Another Kofudoki, completed around 733, is the Izumo no Kuni Fudoka. Izumo was an ancient province, the area which is now located in the eastern part of the Shimane Prefecture. Because of a myth mentioned in this kofudoki, Shimane Prefecture claims that it is the birthplace of Sake. I should also note that this Prefecture was the alleged location of the myth of Susanoo and Yamata no Orochi. The relevant quote is as follows:

Township of Saka: It is located 1.5 miles east of the district office. A multitude of deities gathered together, built a brewery, and fermented rice wine in the river valley of Saka. They held festivals day after day before they dispersed. Therefore, it is called Saka, meaning ‘rice wine.’”

During Kami-ari-zuki, the "Month of the Gods," all of the gods once gathered together at Izumi Taisha to feast and drink. They brewed Sake and spent about six months drinking and eating, engaging in what is said to be called sakamizuki, which is also allegedly where the area received its name, Saka. The area where this allegedly occurred is now known as Kozakai-cho, and there is the Saka Shrine located there, and which has been in existence for over 1300 years. The shrine is also known as the Matsuo Shrine, which is the name used for shrines throughout the country that enshrine the deity of sake brewing, Kusu-no-kami.

Another significant quote from the  Izumo no Kuni Fudoka is: “Arata was named after the condition of the soil of this area. The goddess of this area, who was named Michinushi (road mistress), gave birth to a child deity whose father was unknown. The goddess wished to learn the identity of her child's father and so she planned to have some oracle wine brewed. The goddess cultivated a rice field of about fifteen acres. The rice ripened within seven days. The goddess then prepared sake for oracle use, gathered a great number of gods, and had her son serve the wine. The child god turned immediately, faced the god Ame no Mahitotsu (Prince of the Heavenly Blacksmith) and served him some wine. Thus did the child recognize his father. Afterward, this rice field went unused. That is why the hamlet is called Arata (unused rice field.)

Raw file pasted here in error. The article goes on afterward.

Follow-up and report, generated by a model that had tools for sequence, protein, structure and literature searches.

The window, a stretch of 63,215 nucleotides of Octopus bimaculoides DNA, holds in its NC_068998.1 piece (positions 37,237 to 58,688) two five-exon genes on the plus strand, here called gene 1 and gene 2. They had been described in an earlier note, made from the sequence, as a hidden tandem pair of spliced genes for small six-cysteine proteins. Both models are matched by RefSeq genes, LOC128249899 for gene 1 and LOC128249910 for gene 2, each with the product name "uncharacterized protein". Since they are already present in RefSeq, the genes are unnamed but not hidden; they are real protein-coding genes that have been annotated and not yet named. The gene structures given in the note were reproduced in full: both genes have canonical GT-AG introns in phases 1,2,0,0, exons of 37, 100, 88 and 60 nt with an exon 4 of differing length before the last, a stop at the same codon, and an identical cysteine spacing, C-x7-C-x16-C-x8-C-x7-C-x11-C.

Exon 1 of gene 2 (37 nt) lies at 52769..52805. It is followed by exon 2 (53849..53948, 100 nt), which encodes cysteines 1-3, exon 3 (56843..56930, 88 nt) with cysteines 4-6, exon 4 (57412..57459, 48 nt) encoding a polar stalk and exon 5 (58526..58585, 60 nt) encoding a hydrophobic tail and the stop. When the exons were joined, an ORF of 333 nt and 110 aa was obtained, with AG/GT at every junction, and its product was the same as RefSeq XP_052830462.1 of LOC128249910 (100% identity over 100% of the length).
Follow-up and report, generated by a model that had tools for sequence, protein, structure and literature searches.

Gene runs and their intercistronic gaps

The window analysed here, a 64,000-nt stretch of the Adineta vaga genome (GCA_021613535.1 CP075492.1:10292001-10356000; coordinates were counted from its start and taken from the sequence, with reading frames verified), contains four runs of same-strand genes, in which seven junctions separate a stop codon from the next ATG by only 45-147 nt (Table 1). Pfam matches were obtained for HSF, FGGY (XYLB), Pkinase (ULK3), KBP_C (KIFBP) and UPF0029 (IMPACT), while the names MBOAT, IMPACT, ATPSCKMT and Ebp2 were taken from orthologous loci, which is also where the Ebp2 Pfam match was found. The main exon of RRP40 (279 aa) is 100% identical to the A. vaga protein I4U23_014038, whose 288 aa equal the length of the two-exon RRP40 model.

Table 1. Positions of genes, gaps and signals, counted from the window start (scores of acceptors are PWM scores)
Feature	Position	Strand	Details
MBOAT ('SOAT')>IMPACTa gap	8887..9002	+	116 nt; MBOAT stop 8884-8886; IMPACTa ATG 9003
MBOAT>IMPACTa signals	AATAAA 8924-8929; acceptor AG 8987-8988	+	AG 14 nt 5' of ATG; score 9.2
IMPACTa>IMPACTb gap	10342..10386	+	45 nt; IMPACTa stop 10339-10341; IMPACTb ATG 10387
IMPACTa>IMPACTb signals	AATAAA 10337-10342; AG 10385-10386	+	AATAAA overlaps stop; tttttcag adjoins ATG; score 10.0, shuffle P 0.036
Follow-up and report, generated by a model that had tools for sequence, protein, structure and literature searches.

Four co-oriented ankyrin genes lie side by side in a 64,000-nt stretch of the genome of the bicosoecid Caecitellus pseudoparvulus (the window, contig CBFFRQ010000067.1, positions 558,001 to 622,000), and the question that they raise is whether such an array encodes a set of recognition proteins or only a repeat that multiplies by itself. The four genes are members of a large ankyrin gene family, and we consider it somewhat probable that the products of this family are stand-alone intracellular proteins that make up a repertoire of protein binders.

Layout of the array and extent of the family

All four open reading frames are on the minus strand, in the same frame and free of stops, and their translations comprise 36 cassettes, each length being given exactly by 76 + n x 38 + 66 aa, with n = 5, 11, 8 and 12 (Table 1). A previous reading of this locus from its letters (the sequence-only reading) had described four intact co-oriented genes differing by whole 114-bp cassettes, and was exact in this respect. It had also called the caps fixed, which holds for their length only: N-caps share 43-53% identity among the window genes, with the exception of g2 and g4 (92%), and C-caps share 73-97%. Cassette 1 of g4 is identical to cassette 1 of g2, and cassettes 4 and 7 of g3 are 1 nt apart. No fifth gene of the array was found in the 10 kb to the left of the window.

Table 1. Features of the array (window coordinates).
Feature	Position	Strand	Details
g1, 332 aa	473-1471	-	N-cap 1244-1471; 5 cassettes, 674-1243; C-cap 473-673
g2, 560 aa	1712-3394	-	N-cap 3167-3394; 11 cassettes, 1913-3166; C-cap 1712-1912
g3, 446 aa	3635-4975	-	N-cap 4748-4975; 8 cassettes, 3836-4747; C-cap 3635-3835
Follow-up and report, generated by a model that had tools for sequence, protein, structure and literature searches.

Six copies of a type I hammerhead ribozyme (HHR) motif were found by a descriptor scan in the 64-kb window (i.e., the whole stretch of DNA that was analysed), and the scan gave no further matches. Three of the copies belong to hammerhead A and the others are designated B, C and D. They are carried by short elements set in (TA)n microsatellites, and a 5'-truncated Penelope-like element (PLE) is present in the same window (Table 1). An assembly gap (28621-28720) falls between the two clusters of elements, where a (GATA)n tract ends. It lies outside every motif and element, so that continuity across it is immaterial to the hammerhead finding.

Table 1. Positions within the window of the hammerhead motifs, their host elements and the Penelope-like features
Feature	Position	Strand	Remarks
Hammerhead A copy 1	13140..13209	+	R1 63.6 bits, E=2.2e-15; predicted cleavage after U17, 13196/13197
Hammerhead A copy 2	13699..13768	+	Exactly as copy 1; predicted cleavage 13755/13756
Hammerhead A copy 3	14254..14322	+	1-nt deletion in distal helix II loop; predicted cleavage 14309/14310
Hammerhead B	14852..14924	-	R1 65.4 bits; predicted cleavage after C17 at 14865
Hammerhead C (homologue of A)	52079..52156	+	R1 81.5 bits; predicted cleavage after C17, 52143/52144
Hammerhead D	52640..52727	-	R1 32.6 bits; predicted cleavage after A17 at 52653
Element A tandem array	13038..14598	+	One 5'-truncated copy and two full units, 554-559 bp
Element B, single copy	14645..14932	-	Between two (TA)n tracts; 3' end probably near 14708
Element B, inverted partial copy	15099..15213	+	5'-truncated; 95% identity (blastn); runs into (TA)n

This passage is intriguing as it indicates Sake being used in a magical ritual, as an oracle. Sake has long been closely involved in religious ceremonies so it isn't a stretch at all to see it also being used in a oracular fashion.

Around 759, the Man'yōshū (“Collection of Ten Thousand Leaves”) was compiled, the oldest Japanese collection of poetry. Its 4,500 poems were created from 347 AD-759 AD, and the collection was divided into twenty books, though the poems weren’t organized by topic or even chronologically. Most of the poems, about 4200, are tanka, short poems, while another 265 are choka, long poems. A number of these poems referenced Sake.

One of the famous poets in this book is Ōtomo no Tabito, (665‐731), a military man in the Nara Court aristocracy and an influential poet. Within the Man'yōshū, you will find a number of his tanka, praising Sake.

O what an ugly sight the man who thinks he’s wise and never drinks sake!” (This is my favorite Sake quote.)

"To keep silent and act wise still not as good as drinking Sake, getting drunk, and weeping.”

"Don’t think about useless things—
You should be drinking, it seems to me,
A bowl of raw Sake."

"Excellently said, those words of the great wise man of antiquity who bestowed upon sake the appellation of sage."